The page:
Spring 2017 Academic Travel Course:
Briefly describe your Academic Travel course - what is the concept behind the course, what did you learn about, and where did you go for the travel component?
Our Academic Travel focused on economic development through the lens of sustainable practices and growth models, in conjunction with studies on the impact of rapid urbanization. We studied the UN definition of sustainable development and what measures they see fit to achieve it, various economic perspectives on sustainable development (both mainstream and non-mainstream economic viewpoints), the ecology and feasibility behind sustainable practices, and also focused on practices used in Darjeeling, India and Bhutan (the places visited on travel). We primarily studied sustainable agriculture practices, the role of culture on sustainability, and the impact of rapid urbanization while on travel.
What surprised you during Academic Travel?
I was absolutely taken aback by all of the natural beauty and diversity of plant and animal life we experience on travel. Hand in hand with that is the juxtaposition of this beauty with the unfortunate waste management problem that has resulted in quite of bit of waste just sitting on the side of the road, especially in Darjeeling. Darjeeling is referred to as a biodiversity hotspot, making it truly incredible to study amongst such a vast array of trees, plants, and animals. Unfortunately, as rapid urbanization has its consequences, especially with a town situated at 2100m with only one road, the waste accumulation seemed unavoidable. This was quite surprising to see, especially as people burned their trash, as I had never been in a place so lush yet so in conflict with the problems of urbanization. Bhutan was equally as beautiful, but did not face the same trash problem as Darjeeling.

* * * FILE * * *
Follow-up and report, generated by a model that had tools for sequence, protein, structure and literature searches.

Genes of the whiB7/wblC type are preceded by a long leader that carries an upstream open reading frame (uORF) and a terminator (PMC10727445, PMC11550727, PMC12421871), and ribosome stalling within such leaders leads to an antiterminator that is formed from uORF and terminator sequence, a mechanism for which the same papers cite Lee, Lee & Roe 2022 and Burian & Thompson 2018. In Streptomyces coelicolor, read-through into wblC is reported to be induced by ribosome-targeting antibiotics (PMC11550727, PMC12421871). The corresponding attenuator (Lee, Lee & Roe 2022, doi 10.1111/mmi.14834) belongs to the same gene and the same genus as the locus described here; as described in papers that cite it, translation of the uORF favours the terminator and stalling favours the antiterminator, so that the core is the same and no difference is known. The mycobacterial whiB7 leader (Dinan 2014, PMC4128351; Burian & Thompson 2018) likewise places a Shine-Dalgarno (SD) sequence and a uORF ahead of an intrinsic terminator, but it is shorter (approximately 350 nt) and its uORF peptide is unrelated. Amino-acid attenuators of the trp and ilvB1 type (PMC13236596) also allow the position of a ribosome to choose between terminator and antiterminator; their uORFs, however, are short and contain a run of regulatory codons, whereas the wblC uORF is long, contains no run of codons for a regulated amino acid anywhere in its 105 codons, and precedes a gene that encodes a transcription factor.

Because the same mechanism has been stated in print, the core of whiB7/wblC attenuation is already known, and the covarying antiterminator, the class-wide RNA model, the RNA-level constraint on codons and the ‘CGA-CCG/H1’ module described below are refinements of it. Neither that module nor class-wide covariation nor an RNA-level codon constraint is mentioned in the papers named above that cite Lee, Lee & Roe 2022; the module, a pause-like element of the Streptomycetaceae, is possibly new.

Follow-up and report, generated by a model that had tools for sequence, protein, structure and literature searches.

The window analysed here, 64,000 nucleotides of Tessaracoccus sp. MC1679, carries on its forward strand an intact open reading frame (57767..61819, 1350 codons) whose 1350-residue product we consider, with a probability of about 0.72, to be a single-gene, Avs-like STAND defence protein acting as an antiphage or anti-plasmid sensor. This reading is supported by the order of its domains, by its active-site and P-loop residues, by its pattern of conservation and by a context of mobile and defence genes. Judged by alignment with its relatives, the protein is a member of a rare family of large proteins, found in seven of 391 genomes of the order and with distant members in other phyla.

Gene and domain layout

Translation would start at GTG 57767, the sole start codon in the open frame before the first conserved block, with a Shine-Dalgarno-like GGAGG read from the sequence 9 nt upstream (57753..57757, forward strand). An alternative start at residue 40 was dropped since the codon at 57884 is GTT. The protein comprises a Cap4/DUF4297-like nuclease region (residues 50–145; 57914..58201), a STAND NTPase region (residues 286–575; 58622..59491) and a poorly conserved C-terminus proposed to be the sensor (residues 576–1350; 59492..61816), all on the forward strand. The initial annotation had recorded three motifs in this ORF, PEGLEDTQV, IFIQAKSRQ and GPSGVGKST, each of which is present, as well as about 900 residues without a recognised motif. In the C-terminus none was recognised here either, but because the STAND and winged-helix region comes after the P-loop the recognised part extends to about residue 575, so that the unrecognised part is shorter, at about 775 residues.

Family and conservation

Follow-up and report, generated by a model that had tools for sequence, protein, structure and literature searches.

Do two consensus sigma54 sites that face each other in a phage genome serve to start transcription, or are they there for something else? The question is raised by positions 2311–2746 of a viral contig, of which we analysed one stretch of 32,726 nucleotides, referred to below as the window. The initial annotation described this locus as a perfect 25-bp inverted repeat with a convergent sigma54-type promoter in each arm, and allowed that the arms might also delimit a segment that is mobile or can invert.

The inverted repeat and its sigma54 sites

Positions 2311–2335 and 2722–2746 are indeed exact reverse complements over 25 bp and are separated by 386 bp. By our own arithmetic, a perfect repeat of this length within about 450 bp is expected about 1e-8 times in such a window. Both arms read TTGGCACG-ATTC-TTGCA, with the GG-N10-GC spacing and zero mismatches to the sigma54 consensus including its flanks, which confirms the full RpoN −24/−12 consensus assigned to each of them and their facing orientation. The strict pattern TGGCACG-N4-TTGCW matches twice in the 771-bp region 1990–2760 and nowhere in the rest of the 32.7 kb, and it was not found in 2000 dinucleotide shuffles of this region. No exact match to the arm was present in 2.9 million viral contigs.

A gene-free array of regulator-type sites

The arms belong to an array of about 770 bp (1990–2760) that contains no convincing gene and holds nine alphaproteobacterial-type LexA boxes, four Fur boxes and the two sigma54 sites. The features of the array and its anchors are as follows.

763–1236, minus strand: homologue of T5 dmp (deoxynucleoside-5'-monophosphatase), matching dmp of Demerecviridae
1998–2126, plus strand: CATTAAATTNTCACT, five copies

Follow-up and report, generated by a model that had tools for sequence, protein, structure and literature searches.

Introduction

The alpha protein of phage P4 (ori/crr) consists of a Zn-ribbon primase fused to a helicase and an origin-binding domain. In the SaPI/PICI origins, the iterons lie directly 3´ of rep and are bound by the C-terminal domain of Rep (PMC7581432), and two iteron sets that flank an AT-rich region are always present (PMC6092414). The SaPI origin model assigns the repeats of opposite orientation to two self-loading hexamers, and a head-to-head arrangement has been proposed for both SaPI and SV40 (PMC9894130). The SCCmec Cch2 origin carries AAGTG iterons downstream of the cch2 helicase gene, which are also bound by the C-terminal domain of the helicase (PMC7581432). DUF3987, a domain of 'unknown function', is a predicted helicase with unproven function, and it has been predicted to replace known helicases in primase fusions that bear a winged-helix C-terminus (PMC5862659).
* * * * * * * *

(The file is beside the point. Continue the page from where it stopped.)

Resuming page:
What was your most memorable experience during Academic Travel?
There are a few. Sitting inside of one of the largest Buddha statues in the world and listening to monks recite their mantras. Flying on the same flight as the King of Bhutan. Trying archery on the banks of the Paro Chhu river. Visting a small village in Darjeeling for a day to study their agriculture practices. Pretty much all of the meals (including candle lit dinners in Darjeeling). Having high tea each afternoon. Being able visit tea gardens, then taste some of the highest rated/demanded teas in the world. Conversation with classmates. It is impossible to choose…
Is there a course project? If so, what is it and how is it supplemented by the travel component?
There is a course project. We will do a group presentation, on Earth Day, regarding sustainable economic development, focusing on an aspect of development we saw first hand on travel.
What was your favorite learning moment during Academic Travel?
My favorite learning moment on travel took place on the day trip to the 40-person village in a remote part of Darjeeling. We had to drive for some time but we were greeted members of the community and an NGO working in the village to gain insight on the village practices. We walked/hiked for a few hours throughout the village landscape learning about their intercropping methods, what crops they plant and how they plant them, what new techniques are being developed, and how they are motivating young people to continue with agriculture. It is known as a biodiversity hotspot and so having local villagers explain the lush surroundings as well as their farming practices was something truly spectacular.
Giacomo Molteni is an International Management with an Emphasis in Finance major from Rochester, Michigan USA.
First published by Gabrielle Kincheloe in the Adventures at Franklin blog.